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tv   CNN Newsroom  CNN  June 14, 2013 6:00am-8:01am PDT

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to me. i don't like people right now. >> i tweeted out this morning, i'm really mad at john berman because he's sleeping right now. and i'm not. >> poor berman is still going to get up early because still hosting "early start." he will be on the air at 5:00 a.m. he will also be a new part of "new day." cool stuff and chris cuomo, kate bolduan and michaela pereira, it is going to be a heck of a lot of fun. >> thank you for being such a great co-host. >> you, too. "newsroom" continues now with brianna keilar. >> thanks, guys. happening now in "newsroom" sudden collapse. a packed miami sports bar tosses dozens into biscayne bay. a massive colorado wildfire doubles in size since this time yesterday and claims its first
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lives. better watch your knees. one airline is packing in the passengers, adding even more seats to that crowded coach section we love so much. he is faster than a speeding bullet and more powerful than a locomotive. is the new man of steel strong enough to save the "superman" franchise? we'll see if superman can bring in the fans or box office kryptonite. you're live in "cnn newsroom." hi, i'm brianna keilar in for carol costello and this morning a miami area sports bar deck is no longer recognizable after collapsing and sending dozens into the water. about 100 people packed the deck on thursday night when it gave way. many were watching the miami
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heat play in the nba finals. dive teams and helicopter had to be called in to search for the injured. two dozen people were hurt and three of them have critical injuries and john zarrella is outside of the sports bar. john, some say that they had very little warning that something was going to happen here. >> yeah, that's absolutely right, brianna. it happened almost in a matter of an instant and you can see exactly now with daylight, exactly how bad it was here. that dock, which was supported by pilings on one side and the sea wall on the other. collapsing in the middle there. you can see the tables and the chairs and the potted palm trees and the railing. actually, you can see food and dishes that are down there in the water. and imagine all those people, up to 100 of them, actually being toppled one on top of the other with debris covering them. but, fortunately, less than a mile from here is a fire rescue station and a dive teams, as you mentioned, they got here very
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quickly. and there are no people missing and, fortunately, now we are being told just two serious injuries of the 24 people transported. but as patrons in the restaurant were sitting down and eating and witnessing what happened, they said it did happen almost instantaneously. >> i was maybe six feet from the deck when it collapsed. all i can describe it as is like 1,000 people standing up at the same time. it was this peculiar just roar of noise and by the time i turned around and a split second, where there was once people, i mean, 50, 100 people at least. there was nothing. >> now, coast guard patrol boat has been out here much of the morning. they're actually out there right now and just a few minutes ago they pulled up to the dock and they picked up an inspector from north bay village, the community where this accident took place. and he was out taking photographs of the scene. obviously, as they start to try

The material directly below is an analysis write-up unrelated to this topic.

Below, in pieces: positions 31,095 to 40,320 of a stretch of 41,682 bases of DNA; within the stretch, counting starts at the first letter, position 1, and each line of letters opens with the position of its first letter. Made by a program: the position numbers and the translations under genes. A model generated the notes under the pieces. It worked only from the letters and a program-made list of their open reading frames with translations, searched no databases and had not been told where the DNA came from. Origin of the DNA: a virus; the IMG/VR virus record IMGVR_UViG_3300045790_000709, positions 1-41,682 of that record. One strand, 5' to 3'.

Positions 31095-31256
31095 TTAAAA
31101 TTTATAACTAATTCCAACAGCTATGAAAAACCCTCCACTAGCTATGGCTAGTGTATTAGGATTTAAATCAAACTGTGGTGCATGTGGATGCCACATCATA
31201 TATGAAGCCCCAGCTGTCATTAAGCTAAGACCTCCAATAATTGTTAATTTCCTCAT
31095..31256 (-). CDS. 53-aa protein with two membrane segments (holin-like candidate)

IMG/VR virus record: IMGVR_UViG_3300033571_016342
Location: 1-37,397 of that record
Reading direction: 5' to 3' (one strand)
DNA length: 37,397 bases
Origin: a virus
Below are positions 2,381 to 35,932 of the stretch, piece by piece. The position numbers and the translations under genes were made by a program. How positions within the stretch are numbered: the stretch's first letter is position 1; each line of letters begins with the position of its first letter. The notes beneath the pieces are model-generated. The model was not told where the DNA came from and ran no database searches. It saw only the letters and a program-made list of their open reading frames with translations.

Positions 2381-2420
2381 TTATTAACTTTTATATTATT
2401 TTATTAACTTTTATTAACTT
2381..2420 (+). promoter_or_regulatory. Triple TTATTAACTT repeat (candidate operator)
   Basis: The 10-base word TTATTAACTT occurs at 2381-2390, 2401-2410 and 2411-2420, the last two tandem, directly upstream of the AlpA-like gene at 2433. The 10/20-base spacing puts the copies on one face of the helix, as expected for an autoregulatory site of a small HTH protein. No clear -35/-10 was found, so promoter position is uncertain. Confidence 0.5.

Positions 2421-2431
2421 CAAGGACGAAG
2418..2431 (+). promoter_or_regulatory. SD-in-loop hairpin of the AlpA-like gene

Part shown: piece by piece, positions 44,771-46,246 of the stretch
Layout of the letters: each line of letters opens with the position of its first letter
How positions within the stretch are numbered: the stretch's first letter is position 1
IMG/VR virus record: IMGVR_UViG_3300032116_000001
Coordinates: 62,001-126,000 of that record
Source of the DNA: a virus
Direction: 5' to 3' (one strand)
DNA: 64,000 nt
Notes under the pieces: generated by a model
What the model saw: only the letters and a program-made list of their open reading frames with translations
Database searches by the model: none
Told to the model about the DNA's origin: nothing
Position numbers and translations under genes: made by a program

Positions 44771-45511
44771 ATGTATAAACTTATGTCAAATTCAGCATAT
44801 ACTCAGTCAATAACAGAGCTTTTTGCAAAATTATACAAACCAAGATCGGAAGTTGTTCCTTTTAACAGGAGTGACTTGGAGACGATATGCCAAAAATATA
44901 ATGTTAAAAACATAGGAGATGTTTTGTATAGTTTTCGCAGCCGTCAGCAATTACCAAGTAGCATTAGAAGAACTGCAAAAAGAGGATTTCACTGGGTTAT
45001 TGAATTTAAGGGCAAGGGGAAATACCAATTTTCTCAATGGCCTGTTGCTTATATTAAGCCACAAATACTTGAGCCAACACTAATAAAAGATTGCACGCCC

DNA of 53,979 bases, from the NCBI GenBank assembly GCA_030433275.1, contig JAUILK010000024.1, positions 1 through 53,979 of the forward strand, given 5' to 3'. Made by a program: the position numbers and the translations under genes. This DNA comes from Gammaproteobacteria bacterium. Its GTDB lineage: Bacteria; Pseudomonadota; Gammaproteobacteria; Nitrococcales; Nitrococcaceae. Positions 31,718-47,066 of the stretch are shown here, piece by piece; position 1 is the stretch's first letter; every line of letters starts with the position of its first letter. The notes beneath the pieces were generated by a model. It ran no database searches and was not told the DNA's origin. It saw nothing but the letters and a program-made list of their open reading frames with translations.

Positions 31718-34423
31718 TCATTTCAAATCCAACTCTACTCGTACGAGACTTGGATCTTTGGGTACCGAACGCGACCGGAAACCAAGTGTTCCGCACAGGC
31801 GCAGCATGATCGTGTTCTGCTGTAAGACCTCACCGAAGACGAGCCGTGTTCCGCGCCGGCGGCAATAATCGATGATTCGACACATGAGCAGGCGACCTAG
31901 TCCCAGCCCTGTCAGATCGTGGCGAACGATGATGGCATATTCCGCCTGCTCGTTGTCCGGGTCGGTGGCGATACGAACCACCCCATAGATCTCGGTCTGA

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to get the investigation under way. brianna. >> john, did they have any idea why this deck may have collapsed? when you're talking about 100 people, it makes you wonder if they weren't overcapacity on it. >> absolutely. that's the first question to everyone's minds. people who come here frequently say when there is big sporting events in miami or on television, not that uncommon to have that many people out here on this deck. but certainly that's one of the first things they look into. capacity and then whether there were wear and tear and stress on all of that wood and all those beams out there. but we're told it will take some time before they can come up with a determination of the cause. brianna. >> john zarrella in miami, thank you, john. now, in colorado, the most destructive wildfire in state history is likely to grow even more ferocious today. the fire northeast of colorado springs has turned deadly with
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the discovery of two bodies. they may have tried to escape an inferno that destroyed hundreds of homes at this point and forced 41,000 people to evacuate. dan simon is joining us from colorado springs with the latest. dan? >> good morning, brianna. a little bit of hope for the people of this community. this fire is now partially contained. a modest number, 5%. just goes to show you the fire efforts might be beginning to pay off. listen to the crackling of the flames. this just one of the 379 homes now reduced to rubble. in what is now being called the most destructive wildfire in colorado state history. the black forest wildfire has scorched nearly 16,000 acres of land, its flames widespread threatening neighboring cities like the densely populated colorado springs. >> it was extremely fast moving. i kept my family here too long because i thought we were safe and then next thing you know, it was crossing the street to the